But what of the ‘fortress’ part? In his diary entry of 22 July, 1654, the diarist John Evelyn recorded “Now we were arrived at Stonehenge, indeed a stupendous monument, appearing at a distance like a castle…”, but we need not rely on the written word alone. The picture below shows Stonehenge with outsize trilithons that bring to mind the ramparts of a castle, probably on account of the impression the scene made upon the artist…
…while this picture, in a similar vein, exaggerates the size of the stones, to give the impression of ruined watchtowers or ramparts.
Stranger still, the picture below shows, what is to the very best of my knowledge, a castle in the background that never existed…
…while there’s still another that shows a non-existent castle in the proximity of Stonehenge. Artistic licence? Almost certainly, but it demonstrates that something about the make-up of Stonehenge led diarists and artists to conceive of it as a fortification or castle, while some artists even went so far as to place a castle or other fortification in the landscape.
It wasn’t only diarists and artists that thought of Stonehenge in such a way, because the initial impression of Colonel Hawley or Professor Atkinson (I forget which) was that Stonehenge was some kind of fortified camp. Whoever it was later changed their mind, but the fact remains that the ruins impressed themselves upon a professional observer as a fortified place of some kind, so it would not surprise me if this were a lasting impression that a mediaeval bard formed of Stonehenge, while this view would have been reinforced if they had been aware of Stonehenge’s connection with kings, as detailed by the aforementioned Geoffrey of Monmouth.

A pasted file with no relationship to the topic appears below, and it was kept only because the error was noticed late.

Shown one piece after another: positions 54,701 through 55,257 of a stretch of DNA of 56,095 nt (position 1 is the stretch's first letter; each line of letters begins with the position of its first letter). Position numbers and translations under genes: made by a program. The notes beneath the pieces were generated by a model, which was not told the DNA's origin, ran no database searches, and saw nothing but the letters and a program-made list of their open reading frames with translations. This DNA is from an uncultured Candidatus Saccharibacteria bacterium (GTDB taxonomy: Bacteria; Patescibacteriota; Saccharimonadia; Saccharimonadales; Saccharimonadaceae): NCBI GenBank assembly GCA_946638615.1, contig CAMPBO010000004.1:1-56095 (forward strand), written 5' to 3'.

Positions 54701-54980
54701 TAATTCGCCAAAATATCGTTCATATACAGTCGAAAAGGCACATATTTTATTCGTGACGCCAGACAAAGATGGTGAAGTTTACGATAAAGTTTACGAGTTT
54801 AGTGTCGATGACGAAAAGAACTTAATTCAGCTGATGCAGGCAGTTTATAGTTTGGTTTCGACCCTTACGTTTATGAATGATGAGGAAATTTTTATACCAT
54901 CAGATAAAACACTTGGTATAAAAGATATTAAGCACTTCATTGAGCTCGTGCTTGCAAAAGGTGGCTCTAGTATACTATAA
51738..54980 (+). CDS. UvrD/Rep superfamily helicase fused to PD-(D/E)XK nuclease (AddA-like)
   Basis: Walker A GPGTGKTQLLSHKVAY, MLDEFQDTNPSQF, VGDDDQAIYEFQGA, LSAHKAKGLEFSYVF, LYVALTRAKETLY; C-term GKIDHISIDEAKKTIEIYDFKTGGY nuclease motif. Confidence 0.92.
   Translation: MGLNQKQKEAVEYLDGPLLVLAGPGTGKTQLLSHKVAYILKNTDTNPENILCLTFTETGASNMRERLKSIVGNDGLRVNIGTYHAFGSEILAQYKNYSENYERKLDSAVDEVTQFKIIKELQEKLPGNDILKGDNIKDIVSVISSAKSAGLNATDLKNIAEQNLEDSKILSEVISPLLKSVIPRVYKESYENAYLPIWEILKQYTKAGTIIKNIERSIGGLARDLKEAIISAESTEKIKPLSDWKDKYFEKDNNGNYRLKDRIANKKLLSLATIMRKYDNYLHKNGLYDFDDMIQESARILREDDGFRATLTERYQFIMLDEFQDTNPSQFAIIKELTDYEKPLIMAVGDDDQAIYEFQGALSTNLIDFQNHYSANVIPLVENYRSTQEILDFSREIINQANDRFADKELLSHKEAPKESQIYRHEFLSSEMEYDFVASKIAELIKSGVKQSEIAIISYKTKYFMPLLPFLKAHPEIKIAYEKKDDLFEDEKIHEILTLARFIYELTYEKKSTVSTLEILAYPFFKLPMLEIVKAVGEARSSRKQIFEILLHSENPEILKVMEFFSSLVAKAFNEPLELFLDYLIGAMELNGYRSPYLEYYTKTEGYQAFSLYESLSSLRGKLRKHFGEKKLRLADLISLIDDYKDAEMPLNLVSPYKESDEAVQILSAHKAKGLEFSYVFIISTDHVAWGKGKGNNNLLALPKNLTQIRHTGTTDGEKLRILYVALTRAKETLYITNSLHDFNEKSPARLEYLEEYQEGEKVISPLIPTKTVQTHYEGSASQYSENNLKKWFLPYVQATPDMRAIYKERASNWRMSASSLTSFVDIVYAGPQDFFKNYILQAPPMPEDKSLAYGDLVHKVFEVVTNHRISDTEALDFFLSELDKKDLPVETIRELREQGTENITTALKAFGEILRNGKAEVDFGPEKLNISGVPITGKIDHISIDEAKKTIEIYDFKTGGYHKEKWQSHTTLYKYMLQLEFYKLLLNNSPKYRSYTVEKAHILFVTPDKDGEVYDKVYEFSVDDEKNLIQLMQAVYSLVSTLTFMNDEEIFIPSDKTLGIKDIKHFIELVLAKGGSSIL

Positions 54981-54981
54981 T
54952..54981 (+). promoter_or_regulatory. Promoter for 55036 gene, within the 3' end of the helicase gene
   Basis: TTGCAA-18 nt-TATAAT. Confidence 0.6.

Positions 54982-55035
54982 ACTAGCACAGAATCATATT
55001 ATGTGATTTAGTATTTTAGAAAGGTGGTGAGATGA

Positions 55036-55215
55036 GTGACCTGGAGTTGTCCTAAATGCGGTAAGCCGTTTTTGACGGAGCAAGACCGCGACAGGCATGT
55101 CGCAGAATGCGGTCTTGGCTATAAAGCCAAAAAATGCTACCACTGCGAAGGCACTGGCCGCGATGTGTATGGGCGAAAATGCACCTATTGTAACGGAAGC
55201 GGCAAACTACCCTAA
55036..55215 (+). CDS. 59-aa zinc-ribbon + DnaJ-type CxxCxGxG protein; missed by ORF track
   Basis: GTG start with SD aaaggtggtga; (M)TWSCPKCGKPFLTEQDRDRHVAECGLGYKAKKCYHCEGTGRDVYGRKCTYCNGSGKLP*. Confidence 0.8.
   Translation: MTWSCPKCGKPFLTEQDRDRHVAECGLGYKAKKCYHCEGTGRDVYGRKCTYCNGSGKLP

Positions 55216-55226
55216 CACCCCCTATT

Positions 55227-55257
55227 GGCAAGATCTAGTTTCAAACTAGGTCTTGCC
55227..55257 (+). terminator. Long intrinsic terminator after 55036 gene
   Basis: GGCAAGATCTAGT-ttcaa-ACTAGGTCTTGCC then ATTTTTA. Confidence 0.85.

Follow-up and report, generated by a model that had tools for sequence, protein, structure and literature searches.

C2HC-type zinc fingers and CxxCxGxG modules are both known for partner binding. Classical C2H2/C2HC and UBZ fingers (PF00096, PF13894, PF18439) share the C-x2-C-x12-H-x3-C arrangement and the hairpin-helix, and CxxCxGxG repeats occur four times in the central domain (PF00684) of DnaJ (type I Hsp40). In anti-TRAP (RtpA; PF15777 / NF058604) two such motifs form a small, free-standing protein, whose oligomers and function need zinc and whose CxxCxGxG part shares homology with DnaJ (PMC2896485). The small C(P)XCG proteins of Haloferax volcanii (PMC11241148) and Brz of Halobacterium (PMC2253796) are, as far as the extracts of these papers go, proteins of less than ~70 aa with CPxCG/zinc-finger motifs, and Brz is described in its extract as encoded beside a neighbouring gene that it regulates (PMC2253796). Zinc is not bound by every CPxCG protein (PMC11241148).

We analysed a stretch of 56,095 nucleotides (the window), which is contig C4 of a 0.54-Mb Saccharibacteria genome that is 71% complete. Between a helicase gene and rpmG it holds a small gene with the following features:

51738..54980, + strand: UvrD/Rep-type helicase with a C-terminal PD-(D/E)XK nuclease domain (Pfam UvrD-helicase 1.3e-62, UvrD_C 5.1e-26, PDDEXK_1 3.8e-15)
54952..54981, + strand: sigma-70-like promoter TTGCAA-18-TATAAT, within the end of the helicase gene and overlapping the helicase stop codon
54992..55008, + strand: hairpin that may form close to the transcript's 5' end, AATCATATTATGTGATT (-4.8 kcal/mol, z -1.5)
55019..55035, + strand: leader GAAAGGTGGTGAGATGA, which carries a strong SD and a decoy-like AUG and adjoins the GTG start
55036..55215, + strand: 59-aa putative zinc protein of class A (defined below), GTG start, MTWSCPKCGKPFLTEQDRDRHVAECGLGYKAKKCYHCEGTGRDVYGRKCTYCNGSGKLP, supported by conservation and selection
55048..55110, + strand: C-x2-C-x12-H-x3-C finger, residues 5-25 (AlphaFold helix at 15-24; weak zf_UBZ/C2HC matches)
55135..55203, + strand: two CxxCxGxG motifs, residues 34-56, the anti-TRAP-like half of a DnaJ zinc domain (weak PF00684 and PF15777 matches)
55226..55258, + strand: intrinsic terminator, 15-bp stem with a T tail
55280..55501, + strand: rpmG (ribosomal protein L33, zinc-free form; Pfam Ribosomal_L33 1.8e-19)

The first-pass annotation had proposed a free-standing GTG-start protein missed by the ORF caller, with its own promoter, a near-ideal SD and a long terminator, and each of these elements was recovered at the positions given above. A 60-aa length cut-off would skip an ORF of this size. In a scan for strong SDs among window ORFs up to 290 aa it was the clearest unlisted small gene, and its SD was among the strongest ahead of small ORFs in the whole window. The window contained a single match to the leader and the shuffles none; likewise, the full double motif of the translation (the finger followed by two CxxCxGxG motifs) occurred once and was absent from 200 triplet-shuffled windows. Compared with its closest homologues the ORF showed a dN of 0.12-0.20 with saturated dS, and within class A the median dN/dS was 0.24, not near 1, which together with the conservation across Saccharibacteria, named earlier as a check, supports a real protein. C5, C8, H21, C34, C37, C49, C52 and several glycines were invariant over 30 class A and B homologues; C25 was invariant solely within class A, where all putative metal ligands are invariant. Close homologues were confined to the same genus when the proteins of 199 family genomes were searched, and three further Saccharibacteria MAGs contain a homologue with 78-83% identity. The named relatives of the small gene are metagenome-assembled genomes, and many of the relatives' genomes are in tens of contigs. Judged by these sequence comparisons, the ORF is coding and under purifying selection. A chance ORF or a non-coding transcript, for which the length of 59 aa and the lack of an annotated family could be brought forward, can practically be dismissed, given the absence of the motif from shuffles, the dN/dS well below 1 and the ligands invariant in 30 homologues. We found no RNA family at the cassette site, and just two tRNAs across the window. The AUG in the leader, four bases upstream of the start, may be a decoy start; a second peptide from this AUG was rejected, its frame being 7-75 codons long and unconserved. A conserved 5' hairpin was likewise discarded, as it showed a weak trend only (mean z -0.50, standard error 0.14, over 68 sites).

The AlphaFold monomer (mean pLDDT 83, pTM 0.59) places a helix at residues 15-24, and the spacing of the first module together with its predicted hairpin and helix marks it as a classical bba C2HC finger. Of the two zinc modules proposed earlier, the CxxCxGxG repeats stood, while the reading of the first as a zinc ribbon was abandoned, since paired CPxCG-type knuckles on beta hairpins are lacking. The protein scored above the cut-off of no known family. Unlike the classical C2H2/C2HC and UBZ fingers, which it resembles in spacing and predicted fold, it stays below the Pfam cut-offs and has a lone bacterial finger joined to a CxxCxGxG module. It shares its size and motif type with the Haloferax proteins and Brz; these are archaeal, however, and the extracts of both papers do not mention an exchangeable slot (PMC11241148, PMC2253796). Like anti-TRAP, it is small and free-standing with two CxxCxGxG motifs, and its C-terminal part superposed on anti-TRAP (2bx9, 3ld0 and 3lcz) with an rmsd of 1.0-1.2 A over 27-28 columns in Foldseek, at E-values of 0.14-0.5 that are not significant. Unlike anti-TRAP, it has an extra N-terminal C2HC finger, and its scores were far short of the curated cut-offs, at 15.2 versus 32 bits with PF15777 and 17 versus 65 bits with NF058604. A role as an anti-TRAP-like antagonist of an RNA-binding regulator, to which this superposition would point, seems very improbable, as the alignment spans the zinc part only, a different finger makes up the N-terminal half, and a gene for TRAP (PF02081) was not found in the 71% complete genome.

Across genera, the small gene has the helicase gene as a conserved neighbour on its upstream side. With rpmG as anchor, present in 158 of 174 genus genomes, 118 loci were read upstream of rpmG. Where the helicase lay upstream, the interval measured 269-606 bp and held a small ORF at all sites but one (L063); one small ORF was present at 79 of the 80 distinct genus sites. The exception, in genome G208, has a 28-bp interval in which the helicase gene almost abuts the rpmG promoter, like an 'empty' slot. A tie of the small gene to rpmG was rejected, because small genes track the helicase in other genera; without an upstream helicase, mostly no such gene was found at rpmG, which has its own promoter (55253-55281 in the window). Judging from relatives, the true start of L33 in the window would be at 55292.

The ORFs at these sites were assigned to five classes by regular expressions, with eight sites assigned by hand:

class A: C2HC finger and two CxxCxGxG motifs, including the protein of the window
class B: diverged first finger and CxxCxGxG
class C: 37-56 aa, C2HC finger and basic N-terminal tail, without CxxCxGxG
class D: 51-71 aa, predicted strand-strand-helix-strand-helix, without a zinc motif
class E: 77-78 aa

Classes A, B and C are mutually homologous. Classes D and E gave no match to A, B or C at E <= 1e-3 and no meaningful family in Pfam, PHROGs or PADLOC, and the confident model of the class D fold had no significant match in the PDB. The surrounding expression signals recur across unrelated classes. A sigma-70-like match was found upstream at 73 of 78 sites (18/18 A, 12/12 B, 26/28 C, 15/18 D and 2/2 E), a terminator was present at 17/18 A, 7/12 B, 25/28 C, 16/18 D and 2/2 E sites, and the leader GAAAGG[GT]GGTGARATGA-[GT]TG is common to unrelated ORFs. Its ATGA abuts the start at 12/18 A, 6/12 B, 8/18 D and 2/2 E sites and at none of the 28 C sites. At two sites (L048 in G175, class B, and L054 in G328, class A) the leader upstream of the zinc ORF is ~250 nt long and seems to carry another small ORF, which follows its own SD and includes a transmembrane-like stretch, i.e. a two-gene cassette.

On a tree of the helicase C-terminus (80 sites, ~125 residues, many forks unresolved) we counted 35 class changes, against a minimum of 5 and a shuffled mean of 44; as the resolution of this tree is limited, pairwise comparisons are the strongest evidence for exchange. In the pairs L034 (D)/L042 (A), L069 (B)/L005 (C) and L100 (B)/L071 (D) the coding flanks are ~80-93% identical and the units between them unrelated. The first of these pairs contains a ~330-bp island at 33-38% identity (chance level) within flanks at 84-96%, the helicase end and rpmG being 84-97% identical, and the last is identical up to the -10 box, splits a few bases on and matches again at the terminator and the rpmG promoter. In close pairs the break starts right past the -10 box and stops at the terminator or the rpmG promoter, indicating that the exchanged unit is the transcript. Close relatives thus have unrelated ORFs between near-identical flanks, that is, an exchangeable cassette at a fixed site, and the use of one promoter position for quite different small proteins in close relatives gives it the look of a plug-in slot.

So, it is not at all difficult to perceive Stonehenge as the “Fortress of the Zodiac”, but the question remains as to whether this is how a mediaeval bard would have viewed the site. For my part, I don’t subscribe to the idea that ‘Caer Sidi’ actually means “Fortress of the Zodiac”, so I’ll move on to the concept that ‘Caer Sidi’ simultaneously meant “Fortress of the Mound” and/or “Fortress of the Fairy Folk”.